You drive performance. You drive results. You drive your business.
But does it matter what kind of car you drive? Not for practical reasons, but for perception reasons?
After all, what you drive can make a statement.
For example, I have a friend who says: "Don't assume your employees will be inspired by and hope to emulate your success. They won't. Leave your Porsche in the garage. I've done consulting gigs for a number of businesses, and in almost every instance, sometimes after being on-site less than a day, at least one employee will tell me they resent how "good" the owners have it -- at the expense of underpaid employees."
Say you own a successful business. Is it fair for your employees to resent your success? No. But can it be a real issue for employees who feel you don't sufficiently share the wealth your business generates? Absolutely.
Possibly other people don't feel that way. So I asked around.
Robert Thomas, founder of the e-commerce shopping site Tappocity, takes the other approach. He's always liked Jaguars and drives one because he feels it's important to make a good impression with potential investors. He thinks successful people should treat themselves to the luxuries their success affords.
Jason Mudd, owner of Axia Public Relations, takes the pragmatic route. With all the miles he travels, he thinks it makes financial sense to keep the luxury car at home and use a more fuel-efficient vehicle on the road for his commute to offices and airports.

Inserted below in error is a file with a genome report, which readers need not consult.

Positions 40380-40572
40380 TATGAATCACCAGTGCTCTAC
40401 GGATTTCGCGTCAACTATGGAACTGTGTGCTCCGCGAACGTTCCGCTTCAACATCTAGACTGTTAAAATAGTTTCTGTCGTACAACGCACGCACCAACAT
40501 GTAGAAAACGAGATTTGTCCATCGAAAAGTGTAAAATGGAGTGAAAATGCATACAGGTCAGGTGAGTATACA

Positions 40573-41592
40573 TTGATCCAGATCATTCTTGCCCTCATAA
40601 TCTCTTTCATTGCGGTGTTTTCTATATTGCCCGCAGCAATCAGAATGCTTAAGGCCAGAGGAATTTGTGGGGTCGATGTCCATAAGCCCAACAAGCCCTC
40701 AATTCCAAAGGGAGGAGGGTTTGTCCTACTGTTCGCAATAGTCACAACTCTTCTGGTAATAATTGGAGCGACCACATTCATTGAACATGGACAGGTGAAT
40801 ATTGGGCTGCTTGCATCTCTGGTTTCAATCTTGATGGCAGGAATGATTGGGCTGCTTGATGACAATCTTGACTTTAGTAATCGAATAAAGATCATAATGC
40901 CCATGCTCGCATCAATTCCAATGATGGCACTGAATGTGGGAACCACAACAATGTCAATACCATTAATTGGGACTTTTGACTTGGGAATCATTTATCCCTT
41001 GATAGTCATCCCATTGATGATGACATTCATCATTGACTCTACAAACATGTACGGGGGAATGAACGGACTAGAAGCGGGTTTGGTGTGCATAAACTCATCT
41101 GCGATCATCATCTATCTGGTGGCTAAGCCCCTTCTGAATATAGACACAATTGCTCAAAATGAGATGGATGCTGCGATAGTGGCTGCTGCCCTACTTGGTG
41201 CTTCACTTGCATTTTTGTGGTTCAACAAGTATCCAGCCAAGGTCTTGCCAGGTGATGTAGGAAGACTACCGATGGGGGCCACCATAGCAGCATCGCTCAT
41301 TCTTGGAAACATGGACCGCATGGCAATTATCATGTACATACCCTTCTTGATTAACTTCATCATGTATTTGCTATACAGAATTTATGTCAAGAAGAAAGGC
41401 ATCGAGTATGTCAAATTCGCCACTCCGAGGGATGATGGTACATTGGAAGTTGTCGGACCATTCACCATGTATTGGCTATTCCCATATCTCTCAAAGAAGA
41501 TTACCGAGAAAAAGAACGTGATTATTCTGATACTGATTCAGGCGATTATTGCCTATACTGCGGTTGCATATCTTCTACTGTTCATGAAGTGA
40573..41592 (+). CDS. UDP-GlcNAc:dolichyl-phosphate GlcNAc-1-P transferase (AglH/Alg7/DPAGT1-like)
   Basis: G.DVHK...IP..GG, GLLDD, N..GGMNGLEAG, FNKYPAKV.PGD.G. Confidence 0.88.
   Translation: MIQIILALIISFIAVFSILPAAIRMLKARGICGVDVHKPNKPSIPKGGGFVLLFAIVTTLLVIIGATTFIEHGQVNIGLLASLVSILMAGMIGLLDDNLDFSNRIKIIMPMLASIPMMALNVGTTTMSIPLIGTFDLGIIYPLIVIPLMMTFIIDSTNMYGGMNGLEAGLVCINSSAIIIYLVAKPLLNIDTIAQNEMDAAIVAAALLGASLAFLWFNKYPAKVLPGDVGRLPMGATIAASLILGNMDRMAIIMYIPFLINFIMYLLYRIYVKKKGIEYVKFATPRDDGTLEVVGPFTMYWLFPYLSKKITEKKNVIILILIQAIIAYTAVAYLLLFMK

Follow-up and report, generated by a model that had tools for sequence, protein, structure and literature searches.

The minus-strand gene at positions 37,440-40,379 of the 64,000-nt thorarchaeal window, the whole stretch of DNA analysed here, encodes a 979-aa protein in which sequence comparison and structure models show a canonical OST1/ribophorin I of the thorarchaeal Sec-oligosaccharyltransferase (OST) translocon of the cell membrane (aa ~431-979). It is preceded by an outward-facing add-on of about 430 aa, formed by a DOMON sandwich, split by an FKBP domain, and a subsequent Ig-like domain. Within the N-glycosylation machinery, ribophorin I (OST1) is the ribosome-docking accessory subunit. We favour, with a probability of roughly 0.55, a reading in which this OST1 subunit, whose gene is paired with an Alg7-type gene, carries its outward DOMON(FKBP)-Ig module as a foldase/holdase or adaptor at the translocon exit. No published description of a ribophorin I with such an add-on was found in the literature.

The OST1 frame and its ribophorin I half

Mudd says many of his CEO friends prefer to keep their sports cars at home until evenings and weekends, both to keep mileage down and also to not show off in front of the employees in the company parking lot.
Brian Knight, owner of Pragmatic Works, an IT consulting company, goes the tech route. He drives a Ford Flex because it has integrated in-vehicle communications, Sync from Microsoft, and voice-commanded calls, music, and other functions.
What vehicle each of them drives does make a statement, whether intentional or not.
OK. I know you're thinking: What do you drive? While the "statement" is a by-product of a love of performance, mine is a motorcycle that says, "I will outrun you any time, any day, anywhere." (Hopefully, since I’ve always owned motorcycles it doesn’t also say, “My owner is deep into his mid-life crisis.”)
So, what do you think? As a business owner, does it matter what you drive? As a supervisor or manager or executive, does it matter what you drive?
And if you think it does matter -- or does leave an impression -- what message do you try, or try not, to send?